Radon is a naturally occurring gas that is formed from the decay of uranium and radium in rocks and soil. It moves from the ground into buildings through openings such as cracks on walls or floors and accumulates in the indoor environment.
Radon is a highly radioactive gas that’s impossible to detect because it’s colorless, odorless, and tasteless. It has far-reaching negative effects on health as it is the second leading cause of lung cancer in the country.
To keep your family safe, it’s important to know the rooms that are more susceptible to radon in your home. This information will help you identify key areas for accurate radon testing and the right interventions you need to improve your indoor air quality.
Since radon is found in the soil, it’s only natural that the room closest to the ground would be more prone to high radon levels. Some parts of the basement will inevitably come into contact with the soil transferring the gas into the air.
With the low pressure drawing in more air from the rocks and soil into the room and the lack of natural ventilation, the concentration levels can accumulate fast posing a big risk to your health.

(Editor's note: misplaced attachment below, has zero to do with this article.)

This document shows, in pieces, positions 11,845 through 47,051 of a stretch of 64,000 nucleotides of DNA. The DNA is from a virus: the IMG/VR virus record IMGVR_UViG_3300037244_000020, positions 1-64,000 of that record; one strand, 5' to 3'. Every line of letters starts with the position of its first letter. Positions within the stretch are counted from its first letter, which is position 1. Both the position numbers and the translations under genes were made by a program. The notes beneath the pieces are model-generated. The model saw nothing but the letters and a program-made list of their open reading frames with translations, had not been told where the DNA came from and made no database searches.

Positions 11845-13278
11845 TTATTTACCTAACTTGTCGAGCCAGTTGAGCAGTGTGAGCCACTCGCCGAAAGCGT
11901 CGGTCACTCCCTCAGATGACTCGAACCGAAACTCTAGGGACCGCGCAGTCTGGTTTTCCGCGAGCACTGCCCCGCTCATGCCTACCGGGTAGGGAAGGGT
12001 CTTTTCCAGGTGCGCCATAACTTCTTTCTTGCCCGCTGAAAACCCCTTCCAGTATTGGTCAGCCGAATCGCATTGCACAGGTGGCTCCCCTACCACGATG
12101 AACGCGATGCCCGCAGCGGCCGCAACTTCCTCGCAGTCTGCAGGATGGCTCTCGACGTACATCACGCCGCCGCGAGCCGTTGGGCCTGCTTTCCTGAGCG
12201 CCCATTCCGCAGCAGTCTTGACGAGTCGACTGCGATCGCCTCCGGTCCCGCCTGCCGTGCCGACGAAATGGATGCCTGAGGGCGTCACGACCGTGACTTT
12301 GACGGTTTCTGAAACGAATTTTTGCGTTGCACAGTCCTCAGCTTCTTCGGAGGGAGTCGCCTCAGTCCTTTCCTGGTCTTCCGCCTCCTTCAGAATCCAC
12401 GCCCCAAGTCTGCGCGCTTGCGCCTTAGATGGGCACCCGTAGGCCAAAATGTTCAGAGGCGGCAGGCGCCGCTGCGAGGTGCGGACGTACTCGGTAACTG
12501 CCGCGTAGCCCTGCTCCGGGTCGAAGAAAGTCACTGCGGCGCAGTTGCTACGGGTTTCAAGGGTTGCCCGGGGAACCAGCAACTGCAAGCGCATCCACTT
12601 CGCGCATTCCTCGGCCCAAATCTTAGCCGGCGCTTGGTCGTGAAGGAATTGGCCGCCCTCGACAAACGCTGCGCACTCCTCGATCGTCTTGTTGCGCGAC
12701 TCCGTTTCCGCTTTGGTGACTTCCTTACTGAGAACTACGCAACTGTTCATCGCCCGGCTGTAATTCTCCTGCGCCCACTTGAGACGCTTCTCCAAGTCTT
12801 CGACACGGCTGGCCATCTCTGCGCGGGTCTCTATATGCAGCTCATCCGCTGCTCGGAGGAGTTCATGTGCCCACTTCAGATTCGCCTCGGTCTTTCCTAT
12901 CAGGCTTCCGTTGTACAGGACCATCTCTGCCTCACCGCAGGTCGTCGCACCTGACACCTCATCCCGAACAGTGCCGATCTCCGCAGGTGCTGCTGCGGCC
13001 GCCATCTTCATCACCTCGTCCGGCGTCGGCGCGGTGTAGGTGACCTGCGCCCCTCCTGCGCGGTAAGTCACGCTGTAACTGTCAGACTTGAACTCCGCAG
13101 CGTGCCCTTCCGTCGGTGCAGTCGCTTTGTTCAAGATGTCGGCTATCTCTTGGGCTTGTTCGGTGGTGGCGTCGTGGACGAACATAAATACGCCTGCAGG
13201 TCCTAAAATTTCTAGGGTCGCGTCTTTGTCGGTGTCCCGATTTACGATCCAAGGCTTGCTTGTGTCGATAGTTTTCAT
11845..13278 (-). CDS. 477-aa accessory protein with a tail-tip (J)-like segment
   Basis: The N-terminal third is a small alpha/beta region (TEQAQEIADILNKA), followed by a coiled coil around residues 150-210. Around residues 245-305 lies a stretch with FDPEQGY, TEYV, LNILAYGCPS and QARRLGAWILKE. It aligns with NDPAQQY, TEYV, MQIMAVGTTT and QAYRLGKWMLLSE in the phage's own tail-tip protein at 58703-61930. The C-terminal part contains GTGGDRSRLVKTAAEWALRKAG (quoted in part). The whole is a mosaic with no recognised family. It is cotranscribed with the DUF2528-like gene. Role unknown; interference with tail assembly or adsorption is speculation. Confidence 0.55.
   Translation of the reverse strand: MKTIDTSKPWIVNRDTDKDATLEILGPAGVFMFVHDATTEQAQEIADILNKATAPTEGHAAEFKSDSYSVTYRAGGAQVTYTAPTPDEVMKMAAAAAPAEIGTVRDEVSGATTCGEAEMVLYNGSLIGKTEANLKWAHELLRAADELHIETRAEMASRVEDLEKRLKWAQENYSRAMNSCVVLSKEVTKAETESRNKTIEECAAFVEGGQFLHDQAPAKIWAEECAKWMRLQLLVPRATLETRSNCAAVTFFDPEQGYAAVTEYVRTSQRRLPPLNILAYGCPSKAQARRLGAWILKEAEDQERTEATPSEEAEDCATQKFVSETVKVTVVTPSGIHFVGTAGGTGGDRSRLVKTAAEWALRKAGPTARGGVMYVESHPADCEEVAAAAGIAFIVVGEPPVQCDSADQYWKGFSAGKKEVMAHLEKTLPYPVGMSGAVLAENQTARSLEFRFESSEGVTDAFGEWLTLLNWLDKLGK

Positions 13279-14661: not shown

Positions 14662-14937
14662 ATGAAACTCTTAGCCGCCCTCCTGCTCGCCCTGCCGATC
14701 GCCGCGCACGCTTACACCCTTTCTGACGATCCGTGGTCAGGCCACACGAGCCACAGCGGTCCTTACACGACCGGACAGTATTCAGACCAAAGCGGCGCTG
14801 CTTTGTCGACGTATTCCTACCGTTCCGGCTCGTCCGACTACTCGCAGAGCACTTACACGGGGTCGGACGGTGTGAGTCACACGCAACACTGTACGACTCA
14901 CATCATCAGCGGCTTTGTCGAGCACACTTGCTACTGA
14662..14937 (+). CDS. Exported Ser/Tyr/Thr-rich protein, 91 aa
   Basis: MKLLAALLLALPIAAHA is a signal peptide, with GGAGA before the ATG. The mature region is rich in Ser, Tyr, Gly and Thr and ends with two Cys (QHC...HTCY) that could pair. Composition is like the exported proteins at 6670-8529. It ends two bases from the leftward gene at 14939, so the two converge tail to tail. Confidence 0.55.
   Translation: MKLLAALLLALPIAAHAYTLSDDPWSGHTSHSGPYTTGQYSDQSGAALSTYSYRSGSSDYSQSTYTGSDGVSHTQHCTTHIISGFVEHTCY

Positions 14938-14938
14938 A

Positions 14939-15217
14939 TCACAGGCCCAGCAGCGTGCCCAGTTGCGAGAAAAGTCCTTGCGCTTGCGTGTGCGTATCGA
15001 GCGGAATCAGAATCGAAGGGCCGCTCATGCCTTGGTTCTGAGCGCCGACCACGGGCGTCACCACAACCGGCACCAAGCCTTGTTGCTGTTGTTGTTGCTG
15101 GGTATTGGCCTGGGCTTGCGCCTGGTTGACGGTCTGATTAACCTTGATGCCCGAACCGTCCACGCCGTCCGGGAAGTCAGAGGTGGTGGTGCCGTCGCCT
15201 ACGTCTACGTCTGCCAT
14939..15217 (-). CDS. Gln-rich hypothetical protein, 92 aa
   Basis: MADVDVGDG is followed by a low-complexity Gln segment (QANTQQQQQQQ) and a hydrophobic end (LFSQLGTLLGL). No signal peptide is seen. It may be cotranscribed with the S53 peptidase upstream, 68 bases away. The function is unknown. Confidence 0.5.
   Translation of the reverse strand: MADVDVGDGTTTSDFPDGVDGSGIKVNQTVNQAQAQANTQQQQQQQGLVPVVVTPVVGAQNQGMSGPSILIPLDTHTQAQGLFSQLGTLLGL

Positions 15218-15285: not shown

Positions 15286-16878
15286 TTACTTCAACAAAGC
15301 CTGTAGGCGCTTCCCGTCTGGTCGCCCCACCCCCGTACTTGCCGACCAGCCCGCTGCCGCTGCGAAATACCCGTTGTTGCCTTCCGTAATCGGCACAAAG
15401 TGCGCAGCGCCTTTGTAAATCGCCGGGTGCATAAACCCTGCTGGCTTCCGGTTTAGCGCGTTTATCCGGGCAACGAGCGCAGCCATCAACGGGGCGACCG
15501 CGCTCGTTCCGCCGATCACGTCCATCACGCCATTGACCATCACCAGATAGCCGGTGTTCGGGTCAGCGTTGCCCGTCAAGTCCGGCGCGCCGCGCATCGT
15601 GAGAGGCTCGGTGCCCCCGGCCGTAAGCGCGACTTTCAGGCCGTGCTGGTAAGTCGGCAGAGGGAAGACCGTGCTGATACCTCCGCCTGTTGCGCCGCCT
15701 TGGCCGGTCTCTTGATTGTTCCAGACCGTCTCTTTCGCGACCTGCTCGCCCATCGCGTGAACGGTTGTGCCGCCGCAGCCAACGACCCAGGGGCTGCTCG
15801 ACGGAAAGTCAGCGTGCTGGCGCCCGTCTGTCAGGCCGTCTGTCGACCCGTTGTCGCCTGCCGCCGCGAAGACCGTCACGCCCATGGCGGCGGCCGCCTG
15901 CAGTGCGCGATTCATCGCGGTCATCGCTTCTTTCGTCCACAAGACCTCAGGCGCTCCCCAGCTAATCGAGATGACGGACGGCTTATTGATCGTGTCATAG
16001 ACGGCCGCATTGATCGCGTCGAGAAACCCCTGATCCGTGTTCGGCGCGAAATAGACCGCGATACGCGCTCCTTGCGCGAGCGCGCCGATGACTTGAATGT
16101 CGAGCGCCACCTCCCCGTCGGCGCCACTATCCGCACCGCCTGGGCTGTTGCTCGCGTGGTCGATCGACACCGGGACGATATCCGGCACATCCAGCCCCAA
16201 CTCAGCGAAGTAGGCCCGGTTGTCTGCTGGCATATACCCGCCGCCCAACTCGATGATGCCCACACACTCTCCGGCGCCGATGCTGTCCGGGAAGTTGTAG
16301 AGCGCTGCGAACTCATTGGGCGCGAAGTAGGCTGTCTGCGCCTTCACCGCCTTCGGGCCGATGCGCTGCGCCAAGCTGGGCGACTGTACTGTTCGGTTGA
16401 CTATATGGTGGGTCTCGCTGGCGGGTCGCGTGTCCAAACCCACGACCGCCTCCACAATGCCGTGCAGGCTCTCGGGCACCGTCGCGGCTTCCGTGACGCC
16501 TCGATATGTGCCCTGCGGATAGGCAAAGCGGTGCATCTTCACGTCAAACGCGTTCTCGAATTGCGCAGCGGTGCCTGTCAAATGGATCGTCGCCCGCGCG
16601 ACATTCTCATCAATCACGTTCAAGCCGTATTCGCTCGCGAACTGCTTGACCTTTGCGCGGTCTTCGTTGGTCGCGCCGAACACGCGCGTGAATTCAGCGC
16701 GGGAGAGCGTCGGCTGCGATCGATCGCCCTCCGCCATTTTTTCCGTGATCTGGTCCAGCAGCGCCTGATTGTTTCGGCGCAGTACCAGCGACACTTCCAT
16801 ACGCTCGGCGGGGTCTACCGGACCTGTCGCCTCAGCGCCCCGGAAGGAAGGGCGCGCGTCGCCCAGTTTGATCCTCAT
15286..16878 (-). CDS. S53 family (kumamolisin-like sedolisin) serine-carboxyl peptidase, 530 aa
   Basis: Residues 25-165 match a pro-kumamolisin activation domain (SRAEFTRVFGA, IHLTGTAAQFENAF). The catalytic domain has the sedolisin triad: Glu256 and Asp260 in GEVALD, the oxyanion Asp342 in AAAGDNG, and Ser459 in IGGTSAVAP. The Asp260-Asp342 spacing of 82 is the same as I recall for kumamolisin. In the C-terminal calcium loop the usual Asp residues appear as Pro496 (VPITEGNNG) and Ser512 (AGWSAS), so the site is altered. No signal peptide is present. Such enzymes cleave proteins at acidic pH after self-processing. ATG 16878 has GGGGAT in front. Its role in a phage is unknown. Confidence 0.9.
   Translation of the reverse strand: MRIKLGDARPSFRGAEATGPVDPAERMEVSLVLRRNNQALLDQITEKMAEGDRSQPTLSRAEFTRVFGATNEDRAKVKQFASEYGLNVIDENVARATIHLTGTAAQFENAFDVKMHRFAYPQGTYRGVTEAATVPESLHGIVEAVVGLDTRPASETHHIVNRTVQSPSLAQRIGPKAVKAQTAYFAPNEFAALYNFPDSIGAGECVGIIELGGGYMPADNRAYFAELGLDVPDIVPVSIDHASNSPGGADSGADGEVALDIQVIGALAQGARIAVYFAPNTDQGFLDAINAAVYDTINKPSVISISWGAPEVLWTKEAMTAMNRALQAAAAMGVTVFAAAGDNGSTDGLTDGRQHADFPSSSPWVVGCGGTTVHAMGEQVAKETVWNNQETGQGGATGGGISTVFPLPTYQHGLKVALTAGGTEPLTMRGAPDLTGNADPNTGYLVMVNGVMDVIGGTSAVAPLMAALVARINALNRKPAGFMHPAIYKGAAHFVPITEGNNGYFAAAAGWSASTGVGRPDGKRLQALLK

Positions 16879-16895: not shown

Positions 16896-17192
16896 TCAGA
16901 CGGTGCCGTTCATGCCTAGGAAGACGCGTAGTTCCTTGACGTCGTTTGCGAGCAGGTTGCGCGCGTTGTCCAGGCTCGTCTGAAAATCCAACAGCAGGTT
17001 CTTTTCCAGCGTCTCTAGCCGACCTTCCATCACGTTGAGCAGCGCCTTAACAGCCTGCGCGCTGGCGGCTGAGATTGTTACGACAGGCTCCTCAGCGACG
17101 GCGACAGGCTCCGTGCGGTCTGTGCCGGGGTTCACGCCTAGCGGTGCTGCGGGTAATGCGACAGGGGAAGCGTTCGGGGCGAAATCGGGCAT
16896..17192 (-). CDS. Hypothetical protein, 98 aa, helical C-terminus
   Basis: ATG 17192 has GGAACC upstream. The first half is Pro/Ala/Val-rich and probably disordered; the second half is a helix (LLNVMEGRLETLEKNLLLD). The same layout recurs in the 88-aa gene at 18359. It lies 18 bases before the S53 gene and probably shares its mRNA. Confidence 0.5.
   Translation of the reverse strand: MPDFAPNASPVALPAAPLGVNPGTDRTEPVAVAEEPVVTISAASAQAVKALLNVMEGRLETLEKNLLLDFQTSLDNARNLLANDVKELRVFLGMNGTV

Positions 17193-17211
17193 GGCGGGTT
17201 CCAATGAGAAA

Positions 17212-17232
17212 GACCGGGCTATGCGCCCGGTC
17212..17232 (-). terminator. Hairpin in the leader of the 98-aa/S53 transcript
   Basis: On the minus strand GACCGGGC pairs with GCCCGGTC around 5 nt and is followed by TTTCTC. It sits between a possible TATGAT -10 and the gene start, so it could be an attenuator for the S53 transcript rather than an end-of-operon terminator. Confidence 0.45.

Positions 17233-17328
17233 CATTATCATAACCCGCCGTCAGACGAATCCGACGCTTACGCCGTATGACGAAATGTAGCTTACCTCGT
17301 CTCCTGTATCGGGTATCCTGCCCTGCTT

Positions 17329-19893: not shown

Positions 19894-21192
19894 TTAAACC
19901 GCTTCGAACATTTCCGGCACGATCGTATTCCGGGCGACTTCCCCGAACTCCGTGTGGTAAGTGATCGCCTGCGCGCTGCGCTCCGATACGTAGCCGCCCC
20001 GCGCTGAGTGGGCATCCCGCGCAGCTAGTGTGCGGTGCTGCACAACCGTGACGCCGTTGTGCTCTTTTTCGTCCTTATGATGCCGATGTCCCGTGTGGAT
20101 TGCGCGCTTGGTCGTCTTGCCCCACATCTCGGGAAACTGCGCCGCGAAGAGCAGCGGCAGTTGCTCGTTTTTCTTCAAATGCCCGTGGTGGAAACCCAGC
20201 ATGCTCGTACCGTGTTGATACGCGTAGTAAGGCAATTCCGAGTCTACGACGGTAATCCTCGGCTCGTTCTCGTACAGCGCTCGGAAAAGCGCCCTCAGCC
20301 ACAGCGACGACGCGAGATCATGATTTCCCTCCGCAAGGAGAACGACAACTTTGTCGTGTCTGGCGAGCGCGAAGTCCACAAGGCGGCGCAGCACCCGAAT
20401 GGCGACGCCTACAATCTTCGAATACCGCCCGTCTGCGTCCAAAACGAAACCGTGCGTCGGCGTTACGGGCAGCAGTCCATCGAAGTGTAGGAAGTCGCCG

Here are some of the ways radon gets into the basement:
- Floor-to-wall joints
- Cracks in the floor
- Gaps in the pipes around the foundation
- Concrete foundation
- Sump pump pit
A crawl space that has a dirt floor and is poorly ventilated exposes your home to high levels of radon gas. Since it’s largely unattended, it’s easy to forget about its potential effects on your family’s health. Keep in mind that your crawl space has utility openings that can move radon to your living space.
Like basements and crawl spaces, cellars that are built below the ground have cooler temperatures and low natural ventilation making them one of the areas prone to radon.
Modern cellars may have mechanized systems to control temperature, humidity, and ventilation for better functionality, but their location below the ground level would inevitably make them a potential spot for dangerous radon gas accumulation.
The ground floor is close to the spaces below the ground making it one of the rooms most prone to radon in your home. Although the levels may not be as high as the basement or crawl space beneath it, other factors such as the amount of time you spend in the room, weather, temperature, and the level of ventilation increase your risk of exposure.
This is not to say that radon is limited to lower levels only. A recent study has demonstrated the importance of extending radon testing to other floors in a building above the basement and ground floor for better accuracy and mitigation interventions.
Contact TRS for Radon Testing Services You Can Trust
For all your radon concerns in Idaho Falls, contact Teton Radon Services. With our extensive knowledge and cutting-edge technology, we offer superior radon testing services that you can trust to keep your family safe. Contact us today to schedule a free consultation.